There is a guide for using everything. A certain set of rules. And so does THE INTERNET. Simple Mail Transfer Protocol (SMTP) is an Internet Norm for transferring Electonic Mail (E-mail). It was first conceptualized by Request For Comments (RFC). Request for Comments (RFC) is a form of publication from the Internet Engineering Task Force (IETF) and the Internet Society (ISOC), the primary technical development and standards-setting bodies for the Internet.
In laymen language, SMTP is simple decorum that is followed by emails for transmission through out the internet. In more plain terms, SMTP can be considered as a post office where sender deposits their email and it delivers to the receiver’s local post office i.e. another SMTP server.
It was first defined by RFC 821 in 1982, but the latest update was done in 2008 by RFC 5321. The latest SMTP was edited with Extended SMTP also known as Enhanced SMTP (ESMTP). It is a definition of protocol extensions to the Simple Mail Transfer Protocol standard. The Extension format was defined in IETF publication RFC 1869 in November 1995 which established a basic structure for all existing and future extensions.
Although email servers and other mail transfer agents use SMTP for sending and receiving emails, consumer mail applications typically use SMTP only for sending messages to a mail server for Relaying. And to retrieve messages, consumer mail applications usually use either POP3 or IMAP.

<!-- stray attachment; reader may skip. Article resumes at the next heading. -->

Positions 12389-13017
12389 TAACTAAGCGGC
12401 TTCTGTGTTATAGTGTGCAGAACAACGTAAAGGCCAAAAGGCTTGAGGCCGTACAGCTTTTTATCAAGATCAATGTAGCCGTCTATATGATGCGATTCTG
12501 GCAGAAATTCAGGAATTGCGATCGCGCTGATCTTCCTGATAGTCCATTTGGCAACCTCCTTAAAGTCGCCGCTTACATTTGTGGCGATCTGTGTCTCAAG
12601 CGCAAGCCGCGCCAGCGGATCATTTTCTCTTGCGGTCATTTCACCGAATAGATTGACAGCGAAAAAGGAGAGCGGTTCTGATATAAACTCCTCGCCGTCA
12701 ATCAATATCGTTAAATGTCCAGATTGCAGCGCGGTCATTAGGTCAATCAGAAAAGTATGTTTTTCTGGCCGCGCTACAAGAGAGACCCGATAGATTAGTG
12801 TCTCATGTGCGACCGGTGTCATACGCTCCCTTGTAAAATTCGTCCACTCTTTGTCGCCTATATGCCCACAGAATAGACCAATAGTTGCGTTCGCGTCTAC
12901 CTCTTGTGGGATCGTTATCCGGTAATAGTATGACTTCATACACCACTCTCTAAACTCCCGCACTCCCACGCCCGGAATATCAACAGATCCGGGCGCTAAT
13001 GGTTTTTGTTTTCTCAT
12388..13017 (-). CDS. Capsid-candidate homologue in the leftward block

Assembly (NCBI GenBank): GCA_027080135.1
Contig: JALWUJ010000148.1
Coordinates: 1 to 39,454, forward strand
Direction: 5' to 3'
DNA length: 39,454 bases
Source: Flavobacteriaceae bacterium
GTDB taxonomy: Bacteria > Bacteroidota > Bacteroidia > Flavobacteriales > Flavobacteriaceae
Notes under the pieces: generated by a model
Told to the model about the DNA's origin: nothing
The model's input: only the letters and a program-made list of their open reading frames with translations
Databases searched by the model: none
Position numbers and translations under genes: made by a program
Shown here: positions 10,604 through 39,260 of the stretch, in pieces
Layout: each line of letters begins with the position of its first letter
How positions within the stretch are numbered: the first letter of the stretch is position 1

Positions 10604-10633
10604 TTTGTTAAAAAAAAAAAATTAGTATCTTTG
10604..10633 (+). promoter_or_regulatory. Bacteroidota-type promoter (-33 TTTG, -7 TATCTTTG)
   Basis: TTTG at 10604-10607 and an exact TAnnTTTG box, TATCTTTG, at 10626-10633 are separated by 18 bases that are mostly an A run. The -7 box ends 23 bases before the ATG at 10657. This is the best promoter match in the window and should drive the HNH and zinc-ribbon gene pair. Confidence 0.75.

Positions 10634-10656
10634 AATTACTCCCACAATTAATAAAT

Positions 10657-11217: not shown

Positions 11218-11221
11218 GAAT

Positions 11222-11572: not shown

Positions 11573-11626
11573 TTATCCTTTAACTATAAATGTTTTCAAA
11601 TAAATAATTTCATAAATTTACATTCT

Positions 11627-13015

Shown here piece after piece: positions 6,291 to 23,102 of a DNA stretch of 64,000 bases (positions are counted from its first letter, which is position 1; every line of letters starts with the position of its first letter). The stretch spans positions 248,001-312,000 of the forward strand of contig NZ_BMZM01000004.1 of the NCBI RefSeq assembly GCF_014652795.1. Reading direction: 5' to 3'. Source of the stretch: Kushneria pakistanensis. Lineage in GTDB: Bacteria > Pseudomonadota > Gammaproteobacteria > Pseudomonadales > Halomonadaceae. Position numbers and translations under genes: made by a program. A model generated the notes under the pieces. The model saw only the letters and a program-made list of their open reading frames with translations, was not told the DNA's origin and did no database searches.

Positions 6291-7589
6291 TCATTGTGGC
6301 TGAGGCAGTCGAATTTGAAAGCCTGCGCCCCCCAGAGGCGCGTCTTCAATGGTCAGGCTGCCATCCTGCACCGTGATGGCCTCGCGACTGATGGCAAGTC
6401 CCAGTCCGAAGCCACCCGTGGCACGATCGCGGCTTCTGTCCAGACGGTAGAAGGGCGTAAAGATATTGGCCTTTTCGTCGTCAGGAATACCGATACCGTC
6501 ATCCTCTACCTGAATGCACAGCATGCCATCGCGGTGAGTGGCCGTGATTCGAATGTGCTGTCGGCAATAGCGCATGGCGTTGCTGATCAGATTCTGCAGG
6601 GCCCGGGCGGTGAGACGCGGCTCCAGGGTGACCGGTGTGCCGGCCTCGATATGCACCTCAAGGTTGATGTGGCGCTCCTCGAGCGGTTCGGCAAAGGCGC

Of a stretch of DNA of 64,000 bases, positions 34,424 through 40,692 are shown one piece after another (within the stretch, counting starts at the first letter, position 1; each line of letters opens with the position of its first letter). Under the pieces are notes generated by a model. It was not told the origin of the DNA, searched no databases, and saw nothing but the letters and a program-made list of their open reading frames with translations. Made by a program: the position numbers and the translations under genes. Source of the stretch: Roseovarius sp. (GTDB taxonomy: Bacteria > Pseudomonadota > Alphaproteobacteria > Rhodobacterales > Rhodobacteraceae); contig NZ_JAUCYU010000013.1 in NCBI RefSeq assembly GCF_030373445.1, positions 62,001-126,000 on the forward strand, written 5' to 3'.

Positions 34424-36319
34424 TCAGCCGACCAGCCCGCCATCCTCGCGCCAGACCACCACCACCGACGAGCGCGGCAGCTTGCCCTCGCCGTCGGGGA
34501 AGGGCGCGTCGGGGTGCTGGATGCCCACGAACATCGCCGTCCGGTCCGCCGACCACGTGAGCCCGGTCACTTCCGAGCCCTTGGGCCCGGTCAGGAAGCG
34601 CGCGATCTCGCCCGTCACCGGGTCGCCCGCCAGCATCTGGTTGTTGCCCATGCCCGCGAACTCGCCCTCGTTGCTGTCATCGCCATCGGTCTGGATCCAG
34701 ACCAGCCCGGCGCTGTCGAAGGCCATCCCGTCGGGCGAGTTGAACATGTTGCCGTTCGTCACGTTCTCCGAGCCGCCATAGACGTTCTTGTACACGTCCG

SMTP is a delivery protocol only. Other protocols, such as the Post Office Protocol (POP) and the Internet Message Access Protocol (IMAP) are specifically designed to retrieve messages by individual users and managing mail boxes.
A Port is an end point of communication in an operating system. It identifies a particular process or a type of network services. A port is always associated with an IP address and the protocol type of the communication, and thus completes the destination or origination network address of a communication session.
A port is identified for each address and protocol by a 16-bit number, commonly known as the port number. For example, an address may be “protocol: TCP, IP address: 22.214.171.124, port number: 80”, which may be written 126.96.36.199:80 when the protocol is known from context. Specific port numbers are often used to identify specific services.
And there are four major port numbers that identify SMTP process. They are 25, 465, 587 and 2525.
Port Number 25
- From 1982 till date, Port 25 is used as the default port to communicate email across the Internet using the SMTP.
- Even after more than 3 decades, Port 25 is used as the essential means for transmitting between two email servers.
- But the direction is changing now. Most SMTP clients are avoiding the usage of Port 25 because of many ISPs and hosting providers block or restrict SMTP connections on port 25 in order to prevent spamming.
Port Number 465
- After Port 25, In 1997, the IANA registered 465 for SMTPS. Where SMTPS stands for an SMTP connection which is secured by TLS which can be made using STARTTLS.
- It was initially planned for the SMTPS encryption and authentication “wrapper” over SMTP. But the end of 1998, this was revoked in favor of STARTTLS over SMTP (RFC 3207). With STARTTLS, this port can be used with or without TLS.